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Effective Thinking

Promise.any() – A Missing Use Case

My first exposure to promises in JavaScript was through the $q library in AngularJS 1.0. It is much more bare bones than modern promise implementations, but for me it was leaps and bounds better than the callback hell I’ve found myself stuck in. Since AngularJS 1.0, the promise specification has become more mature and native browser implementations have been popping up (though you’ll still need a polyfill). So, if you haven’t learned how to use promises, now might be the time!

PromiseOne of my “breakthrough” moments in learning about promises was when I read “You’re Missing the Point of Promises” by Domenic Denicola. A big concept I grasped after reading Domenic’s article is that promises make asynchronous return values relevant again. At the risk of being yet another basic explanation of promises, here is the gist of what that means for a developer.

When dealing with a standard asynchronous method, such as the $.get() method from jQuery (you shouldn’t trust jQuery “promises”), the return value is useless:

This completely discards a huge feature of the JavaScript language. With promises, the return value of asynchronous methods has actual relevance to the value returned by the asynchronous action:

There are plenty of other reasons why promises are better than callbacks. However, I want to talk about a recent problem I had to solve around aggregating multiple promises.

The Problem

I was trying to implement a search form on a site for one of our clients. When the user enters a search query I make several AJAX requests to different APIs. If any of these requests come back with successful results, I want to navigate to a page with the results. If one fails, that’s OK, as long as at least one succeeds. If they all fail I want to stay on the same page and display an error message.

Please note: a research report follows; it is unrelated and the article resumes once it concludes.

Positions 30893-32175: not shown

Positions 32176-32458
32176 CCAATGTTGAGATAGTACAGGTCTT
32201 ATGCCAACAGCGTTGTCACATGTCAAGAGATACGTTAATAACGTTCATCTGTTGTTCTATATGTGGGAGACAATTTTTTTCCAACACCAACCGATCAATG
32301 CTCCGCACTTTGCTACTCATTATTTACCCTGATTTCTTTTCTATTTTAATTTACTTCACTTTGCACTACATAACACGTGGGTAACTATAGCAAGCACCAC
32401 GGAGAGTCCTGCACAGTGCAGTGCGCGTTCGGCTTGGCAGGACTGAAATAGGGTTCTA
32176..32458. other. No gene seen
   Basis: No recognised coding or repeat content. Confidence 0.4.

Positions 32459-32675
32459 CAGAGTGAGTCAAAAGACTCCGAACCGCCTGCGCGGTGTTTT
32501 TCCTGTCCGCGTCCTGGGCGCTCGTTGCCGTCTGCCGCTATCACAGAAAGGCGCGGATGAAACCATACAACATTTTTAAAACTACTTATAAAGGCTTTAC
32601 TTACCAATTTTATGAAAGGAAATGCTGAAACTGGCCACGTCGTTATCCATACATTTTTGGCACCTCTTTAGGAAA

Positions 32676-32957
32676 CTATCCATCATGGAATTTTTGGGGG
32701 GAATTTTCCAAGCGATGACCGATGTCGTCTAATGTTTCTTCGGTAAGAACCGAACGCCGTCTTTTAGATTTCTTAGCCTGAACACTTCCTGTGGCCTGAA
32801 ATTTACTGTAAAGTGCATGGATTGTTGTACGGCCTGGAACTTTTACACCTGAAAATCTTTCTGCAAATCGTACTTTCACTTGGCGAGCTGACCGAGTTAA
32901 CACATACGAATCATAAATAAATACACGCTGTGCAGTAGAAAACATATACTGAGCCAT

Promise.all() implements a boolean AND operation on whether each promise rejects or resolves. For this problem, a boolean OR operation is needed. Since there is no existing implementation like this, I decided to write my own.

The Solution

I implemented a method I’m calling Promise.any(). It takes an array of promises and resolves if at least one of the promises resolves. The full implementation is at https://gist.github.com/jkjustjoshing/de488c63074370e28169#file-promise-any-js —  a slimmed-down version is shown below:

There are two main things happening here:

1. Each promise, whether it resolves or rejects, gets mapped to an internally used promise that resolves to an object with two values:

  • resolve – whether the initial promise was resolved or rejected
  • result – the resolve or reject value of the initial promise

2. Using Promise.all(), the internally used promises are inspected – if at least one is resolved, the returning promise is resolved. If none of the promises are resolved, the returning promise is rejected.

I can then solve my problem with the following code:

A few things to note about this solution:

1. If the Promise.any() promise resolves, any individual promises that rejected will appear to be null in the result array. This means that any promise that resolves to null will break this implementation. For my use case this isn’t an issue, but it is a large enough flaw that you won’t see my implementation included in any promise libraries.